For larger producers, premiums for $5 coverage above 5 million pounds (Tier II) are reduced by 88 percent. 

Producers who lock in DMC coverage for five years would get a 25 percent discount on premiums. Producers who were enrolled in MPP could get 75 percent of their premiums refunded to use toward buying DMC coverage. They could get half the MPP premiums refunded in cash if they don’t want to use the money for the new program. 

Sugar - Loan rates for sugar would be raised 1 cent for cane sugar and 1.28 cents for beet sugar.


Environmental Quality Incentives Program - Funding will be increased to $2.025 billion by 2023, the final year of the bill, which also creates incentive contracts and alternative funding arrangements for irrigation districts. The carveout for livestock producers is lowered from 60 percent to 50 percent. 

Conservation Stewardship Program - CSP is preserved as a standalone program and there will be new incentive payments for cover crops, crop rotations and other practices that protect water quality. A portion of the funding also will be used as compensation to producers with unplanted base acres

Expiring CSP contracts will no longer be eligible for automatic renewal. Contract holders will have to compete with new applications.

Funding for the program is reduced from $1.8 billion per year to no more than $1 billion per year, with the savings used to expand EQIP and fund the Agricultural Conservation Easement Program and Regional Conservation Partnership Program.

Conservation Reserve Program (CRP) - Maximum enrollment increased from 24 million acres to 27 million acres. The CRP limit would be raised to 24.5 million acres in 2020, 25 million in 2021, 25.5 million in 2022 and 27 million in 2023. CRP payments would be capped at 85 percent of local rental rates for general signup acreage and 90 percent for land enrolled through continuous signup. Proportional, historic state acreage allocations were set for a portion of the acreage. 

The bill creates a pilot Soil Health and Income Protection Program (SHIPP) to test the idea of allowing farmers to take land out of production under shorter contracts than permitted by CRP. The program would be limited to 50,000 acres in the six Prairie Pothole Region states: South Dakota, North Dakota, Montana, Nebraska, Iowa, and Minnesota. Contracts would be limited to three to five years, and payments would be capped at half of local rental rates.

Agricultural Conservation Easement Program (ACEP) - Funded at $450 million a year. 

Regional Conservation Partnership Program (RCPP) - Provided $300 million a year and is turned into a standalone program with its own rules separate from EQIP, CSP and other conservation programs from which it had previously been funded. A summary of the program says the USDA is to “revise the program to focus on increasing producer access, improving conservation outcomes, and simplifying procedures.”


Of USDA’s four trade promotion programs, only the Market Access Program (MAP) had funding after the 2014 farm bill expired Sept. 30. The bill provides permanent funding baseline for all of them. 

MAP is funded at $200 million a year. The Foreign Market Development Cooperator Program is provided $34.5 million annually. The Emerging Markets Program gets $8 million a year, and the Technical Assistance for Specialty Crops program is provided $9 million a year.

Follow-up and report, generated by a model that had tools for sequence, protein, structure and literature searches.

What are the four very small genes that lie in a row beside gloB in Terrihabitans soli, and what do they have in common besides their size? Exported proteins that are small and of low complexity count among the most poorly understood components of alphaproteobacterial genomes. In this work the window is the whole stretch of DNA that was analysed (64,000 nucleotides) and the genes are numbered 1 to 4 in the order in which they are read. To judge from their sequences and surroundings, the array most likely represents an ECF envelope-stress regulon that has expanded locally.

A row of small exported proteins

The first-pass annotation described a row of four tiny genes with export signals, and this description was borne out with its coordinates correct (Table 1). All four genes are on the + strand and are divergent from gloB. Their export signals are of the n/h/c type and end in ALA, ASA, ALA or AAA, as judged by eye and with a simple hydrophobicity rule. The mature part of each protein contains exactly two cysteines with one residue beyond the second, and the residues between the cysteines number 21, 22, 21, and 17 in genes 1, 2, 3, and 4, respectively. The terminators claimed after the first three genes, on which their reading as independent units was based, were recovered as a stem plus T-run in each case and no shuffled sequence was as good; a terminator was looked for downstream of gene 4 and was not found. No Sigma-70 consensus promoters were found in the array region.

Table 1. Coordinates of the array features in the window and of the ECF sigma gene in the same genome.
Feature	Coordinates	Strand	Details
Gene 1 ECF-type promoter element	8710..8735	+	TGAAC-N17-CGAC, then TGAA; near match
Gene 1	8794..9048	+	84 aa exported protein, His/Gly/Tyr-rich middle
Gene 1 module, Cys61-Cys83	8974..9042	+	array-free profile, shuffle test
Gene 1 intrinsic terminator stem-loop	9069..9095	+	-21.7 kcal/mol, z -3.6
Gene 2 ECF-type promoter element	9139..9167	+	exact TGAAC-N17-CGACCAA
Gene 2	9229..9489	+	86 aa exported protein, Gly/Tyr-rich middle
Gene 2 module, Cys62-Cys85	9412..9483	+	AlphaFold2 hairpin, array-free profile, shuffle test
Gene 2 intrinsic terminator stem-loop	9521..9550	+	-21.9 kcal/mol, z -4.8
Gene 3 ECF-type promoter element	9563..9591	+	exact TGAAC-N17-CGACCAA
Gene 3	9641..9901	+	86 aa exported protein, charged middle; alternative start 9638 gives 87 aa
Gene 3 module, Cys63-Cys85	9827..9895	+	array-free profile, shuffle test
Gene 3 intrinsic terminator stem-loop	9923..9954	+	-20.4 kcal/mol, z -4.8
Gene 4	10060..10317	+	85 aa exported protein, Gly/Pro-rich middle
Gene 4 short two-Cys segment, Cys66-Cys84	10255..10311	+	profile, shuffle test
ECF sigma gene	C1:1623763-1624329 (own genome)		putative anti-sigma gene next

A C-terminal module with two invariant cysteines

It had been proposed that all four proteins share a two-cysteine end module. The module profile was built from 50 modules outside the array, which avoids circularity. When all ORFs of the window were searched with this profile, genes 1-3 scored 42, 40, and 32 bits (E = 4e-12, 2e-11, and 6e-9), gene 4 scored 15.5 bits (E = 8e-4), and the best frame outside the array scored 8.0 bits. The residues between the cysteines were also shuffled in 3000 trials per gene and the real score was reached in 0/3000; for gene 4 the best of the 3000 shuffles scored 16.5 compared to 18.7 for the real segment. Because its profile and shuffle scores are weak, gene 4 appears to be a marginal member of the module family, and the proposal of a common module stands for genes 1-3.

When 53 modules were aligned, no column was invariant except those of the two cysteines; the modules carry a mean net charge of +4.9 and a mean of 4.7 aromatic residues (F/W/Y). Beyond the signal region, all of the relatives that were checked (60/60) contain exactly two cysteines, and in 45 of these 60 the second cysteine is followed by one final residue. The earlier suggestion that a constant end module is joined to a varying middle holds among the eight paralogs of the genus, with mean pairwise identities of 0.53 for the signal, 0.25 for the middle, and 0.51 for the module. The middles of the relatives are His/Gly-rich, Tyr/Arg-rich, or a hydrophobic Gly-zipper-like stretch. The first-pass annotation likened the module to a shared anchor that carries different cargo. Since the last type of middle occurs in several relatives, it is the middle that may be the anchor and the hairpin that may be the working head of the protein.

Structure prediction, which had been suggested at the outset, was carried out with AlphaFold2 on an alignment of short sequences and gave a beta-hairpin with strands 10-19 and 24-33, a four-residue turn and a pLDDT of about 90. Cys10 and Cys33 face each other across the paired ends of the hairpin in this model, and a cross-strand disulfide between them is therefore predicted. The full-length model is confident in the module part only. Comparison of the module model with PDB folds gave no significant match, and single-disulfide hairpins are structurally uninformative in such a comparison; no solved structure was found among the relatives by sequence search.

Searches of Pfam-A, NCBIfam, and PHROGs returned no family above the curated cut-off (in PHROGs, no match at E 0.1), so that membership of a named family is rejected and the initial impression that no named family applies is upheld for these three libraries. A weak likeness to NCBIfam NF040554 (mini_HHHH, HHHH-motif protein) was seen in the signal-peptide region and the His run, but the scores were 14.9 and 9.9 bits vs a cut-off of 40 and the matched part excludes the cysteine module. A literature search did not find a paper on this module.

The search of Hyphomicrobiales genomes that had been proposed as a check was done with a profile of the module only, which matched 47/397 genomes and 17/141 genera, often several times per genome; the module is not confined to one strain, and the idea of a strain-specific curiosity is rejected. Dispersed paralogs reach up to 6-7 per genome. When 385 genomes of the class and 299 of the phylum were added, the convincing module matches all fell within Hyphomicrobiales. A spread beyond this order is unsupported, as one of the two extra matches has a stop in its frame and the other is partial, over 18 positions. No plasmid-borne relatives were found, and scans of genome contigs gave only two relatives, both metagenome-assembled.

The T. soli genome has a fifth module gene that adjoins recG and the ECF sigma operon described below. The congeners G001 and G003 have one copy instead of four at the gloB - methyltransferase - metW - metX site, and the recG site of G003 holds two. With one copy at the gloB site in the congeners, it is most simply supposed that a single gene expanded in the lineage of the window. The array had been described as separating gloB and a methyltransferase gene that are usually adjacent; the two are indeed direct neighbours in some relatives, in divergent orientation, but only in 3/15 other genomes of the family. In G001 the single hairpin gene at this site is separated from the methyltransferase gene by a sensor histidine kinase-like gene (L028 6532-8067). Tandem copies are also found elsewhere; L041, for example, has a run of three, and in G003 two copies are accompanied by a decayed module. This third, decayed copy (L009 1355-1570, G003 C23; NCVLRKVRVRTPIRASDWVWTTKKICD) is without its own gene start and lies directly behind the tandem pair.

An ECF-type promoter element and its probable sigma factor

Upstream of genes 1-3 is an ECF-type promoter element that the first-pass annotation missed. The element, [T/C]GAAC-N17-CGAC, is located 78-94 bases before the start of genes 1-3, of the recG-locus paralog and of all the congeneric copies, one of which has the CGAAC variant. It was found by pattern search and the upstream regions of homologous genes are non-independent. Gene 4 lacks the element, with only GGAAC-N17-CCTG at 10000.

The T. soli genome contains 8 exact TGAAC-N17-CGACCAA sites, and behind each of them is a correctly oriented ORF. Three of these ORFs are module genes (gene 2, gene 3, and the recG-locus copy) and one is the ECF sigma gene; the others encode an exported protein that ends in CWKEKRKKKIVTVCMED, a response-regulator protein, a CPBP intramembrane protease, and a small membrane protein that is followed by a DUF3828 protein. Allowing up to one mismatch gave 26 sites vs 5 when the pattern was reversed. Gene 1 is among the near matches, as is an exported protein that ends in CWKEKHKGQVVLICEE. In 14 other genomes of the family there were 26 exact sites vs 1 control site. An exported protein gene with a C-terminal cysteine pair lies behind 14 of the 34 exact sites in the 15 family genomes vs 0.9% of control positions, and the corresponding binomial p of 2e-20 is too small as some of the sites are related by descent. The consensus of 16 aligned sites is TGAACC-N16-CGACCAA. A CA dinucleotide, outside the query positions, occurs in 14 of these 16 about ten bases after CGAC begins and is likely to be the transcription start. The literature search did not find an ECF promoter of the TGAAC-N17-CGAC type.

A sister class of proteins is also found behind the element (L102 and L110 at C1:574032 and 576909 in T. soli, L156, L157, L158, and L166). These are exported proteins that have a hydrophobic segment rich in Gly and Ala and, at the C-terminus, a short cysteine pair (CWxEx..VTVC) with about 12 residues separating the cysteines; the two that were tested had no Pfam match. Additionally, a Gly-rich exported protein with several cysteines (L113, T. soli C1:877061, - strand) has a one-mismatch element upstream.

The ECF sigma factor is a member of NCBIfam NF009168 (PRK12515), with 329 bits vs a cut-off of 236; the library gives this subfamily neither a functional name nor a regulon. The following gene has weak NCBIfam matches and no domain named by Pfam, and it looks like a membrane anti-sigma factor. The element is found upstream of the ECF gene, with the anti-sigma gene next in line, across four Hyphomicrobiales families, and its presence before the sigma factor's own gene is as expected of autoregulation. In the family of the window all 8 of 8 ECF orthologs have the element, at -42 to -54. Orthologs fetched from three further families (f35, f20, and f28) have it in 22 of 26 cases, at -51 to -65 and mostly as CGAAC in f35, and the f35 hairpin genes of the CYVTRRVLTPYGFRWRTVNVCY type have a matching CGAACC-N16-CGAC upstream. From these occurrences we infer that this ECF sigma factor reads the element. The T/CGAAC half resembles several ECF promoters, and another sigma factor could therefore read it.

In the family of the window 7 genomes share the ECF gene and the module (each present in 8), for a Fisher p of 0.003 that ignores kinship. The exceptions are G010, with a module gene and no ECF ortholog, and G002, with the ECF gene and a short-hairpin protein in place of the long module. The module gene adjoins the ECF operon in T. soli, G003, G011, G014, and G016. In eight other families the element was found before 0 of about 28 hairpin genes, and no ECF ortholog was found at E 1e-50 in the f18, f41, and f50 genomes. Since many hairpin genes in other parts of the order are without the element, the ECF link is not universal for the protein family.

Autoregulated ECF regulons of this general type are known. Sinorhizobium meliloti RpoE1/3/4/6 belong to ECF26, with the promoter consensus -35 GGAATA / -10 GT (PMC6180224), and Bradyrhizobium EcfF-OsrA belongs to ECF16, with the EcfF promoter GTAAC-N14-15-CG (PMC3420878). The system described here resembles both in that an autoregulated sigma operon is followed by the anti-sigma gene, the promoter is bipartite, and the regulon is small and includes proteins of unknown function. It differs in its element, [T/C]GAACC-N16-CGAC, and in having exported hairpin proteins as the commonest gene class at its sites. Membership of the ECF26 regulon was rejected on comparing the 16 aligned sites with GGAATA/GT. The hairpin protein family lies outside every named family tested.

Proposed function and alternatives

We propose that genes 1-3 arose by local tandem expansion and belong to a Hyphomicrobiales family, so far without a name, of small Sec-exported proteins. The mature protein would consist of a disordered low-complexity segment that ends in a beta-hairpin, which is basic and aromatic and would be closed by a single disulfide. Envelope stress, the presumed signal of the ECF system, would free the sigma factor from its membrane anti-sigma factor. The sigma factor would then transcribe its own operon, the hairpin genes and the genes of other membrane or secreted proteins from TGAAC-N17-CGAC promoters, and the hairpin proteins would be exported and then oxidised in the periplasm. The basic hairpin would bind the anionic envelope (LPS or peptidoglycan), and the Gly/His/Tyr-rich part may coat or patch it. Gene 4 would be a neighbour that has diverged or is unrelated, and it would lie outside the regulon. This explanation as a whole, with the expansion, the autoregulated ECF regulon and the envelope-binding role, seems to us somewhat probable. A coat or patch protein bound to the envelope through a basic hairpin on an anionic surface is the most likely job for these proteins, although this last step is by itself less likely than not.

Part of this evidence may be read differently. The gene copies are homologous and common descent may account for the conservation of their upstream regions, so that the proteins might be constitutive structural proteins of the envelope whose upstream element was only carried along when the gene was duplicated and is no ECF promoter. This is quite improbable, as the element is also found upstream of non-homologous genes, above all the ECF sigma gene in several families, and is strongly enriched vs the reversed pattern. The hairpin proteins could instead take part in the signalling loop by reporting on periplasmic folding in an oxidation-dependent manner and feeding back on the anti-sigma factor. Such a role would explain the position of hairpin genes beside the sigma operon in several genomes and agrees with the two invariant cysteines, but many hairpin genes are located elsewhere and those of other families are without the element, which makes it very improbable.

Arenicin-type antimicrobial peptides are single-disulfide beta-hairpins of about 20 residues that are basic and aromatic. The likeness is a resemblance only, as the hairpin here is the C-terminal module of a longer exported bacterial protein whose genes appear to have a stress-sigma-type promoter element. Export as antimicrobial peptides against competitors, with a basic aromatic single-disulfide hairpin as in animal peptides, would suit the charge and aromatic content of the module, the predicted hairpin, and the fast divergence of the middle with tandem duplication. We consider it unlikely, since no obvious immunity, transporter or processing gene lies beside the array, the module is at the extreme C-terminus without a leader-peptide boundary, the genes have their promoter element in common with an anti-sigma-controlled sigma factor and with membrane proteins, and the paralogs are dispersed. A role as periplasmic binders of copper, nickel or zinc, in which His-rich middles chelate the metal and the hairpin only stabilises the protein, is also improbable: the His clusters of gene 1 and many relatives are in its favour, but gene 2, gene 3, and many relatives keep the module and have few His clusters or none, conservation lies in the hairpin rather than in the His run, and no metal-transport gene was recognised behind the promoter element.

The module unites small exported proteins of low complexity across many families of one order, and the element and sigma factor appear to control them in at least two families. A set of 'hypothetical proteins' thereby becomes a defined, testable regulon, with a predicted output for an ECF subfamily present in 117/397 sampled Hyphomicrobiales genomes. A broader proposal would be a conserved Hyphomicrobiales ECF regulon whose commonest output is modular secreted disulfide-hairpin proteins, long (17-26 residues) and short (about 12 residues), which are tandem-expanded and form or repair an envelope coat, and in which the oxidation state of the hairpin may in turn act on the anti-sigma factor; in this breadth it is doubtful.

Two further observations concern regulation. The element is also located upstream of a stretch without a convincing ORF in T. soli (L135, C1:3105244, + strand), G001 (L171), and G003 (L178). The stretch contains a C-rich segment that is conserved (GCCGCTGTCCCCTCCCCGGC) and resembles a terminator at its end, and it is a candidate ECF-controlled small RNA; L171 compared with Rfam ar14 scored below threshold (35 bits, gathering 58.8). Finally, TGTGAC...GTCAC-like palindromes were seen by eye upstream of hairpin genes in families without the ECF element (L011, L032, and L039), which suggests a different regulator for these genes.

The final farm bill omitted a series of provisions in the House-passed bill that would have expanded the number of Supplemental Nutrition Assistance Program recipients subject to work requirements and tightened income eligibility limits. 

The bill requires governors to approve applications to USDA by state agencies for waivers from the existing work requirements for able-bodied dependents without dependents (ABAWDs). 

The bill seeks to bolster SNAP employment and training programs in part by requiring state agencies to consult with their state workforce development board or local employers to ensure the programs meet local workforce needs. E&T programs also would be required to provide case management.

The legislation ends the bonuses that have been paid to states that lower error rates and creates a new system to prevent benefits from being paid to people in more than one state at the same time. 

The Food Insecurity Nutrition Incentive (FINI)  program that had run out of funding is given permanent funding and renamed the Gus Schumacher Nutrition Incentive Program for the former USDA undersecretary who championed the FINI grants. Funding would start at $45 million in 2019 and rise to $56 million by 2023. Also included is a “produce prescription” program to evaluate the impact of increased fruit and vegetable consumption on dietary health and food insecurity.  

Buy American - USDA is required to ensure full compliance by states and school food authorities with Buy American requirements for fish, meats, vegetables, and fruits, and other products used in school lunches. 


Farm loans - The limit on guaranteed operating and farm ownership loans would rise to $1.75 million. The limit on direct ownership loans would be raised to $600,000. The limit on direct operating loans would be raised to $400,000. 


Broadband - Provides permanent authority and rules for the rural broadband grant and loan program created by the fiscal 2018 spending bill. Prioritizes broadband projects to communities with less than 10/1 Mbps broadband service and requires that 90 percent of the households in any project receiving a grant or subsidized loan be unserved. The bill also authorizes USDA to make loans and grants for middle‐mile broadband projects. 

Opioid treatment - The bill prioritizes funding for projects to combat opioid addiction, including building and improving medical facilities. The bill authorizes a 33-percent increase in grants under the Distance Learning and Telemedicine Program.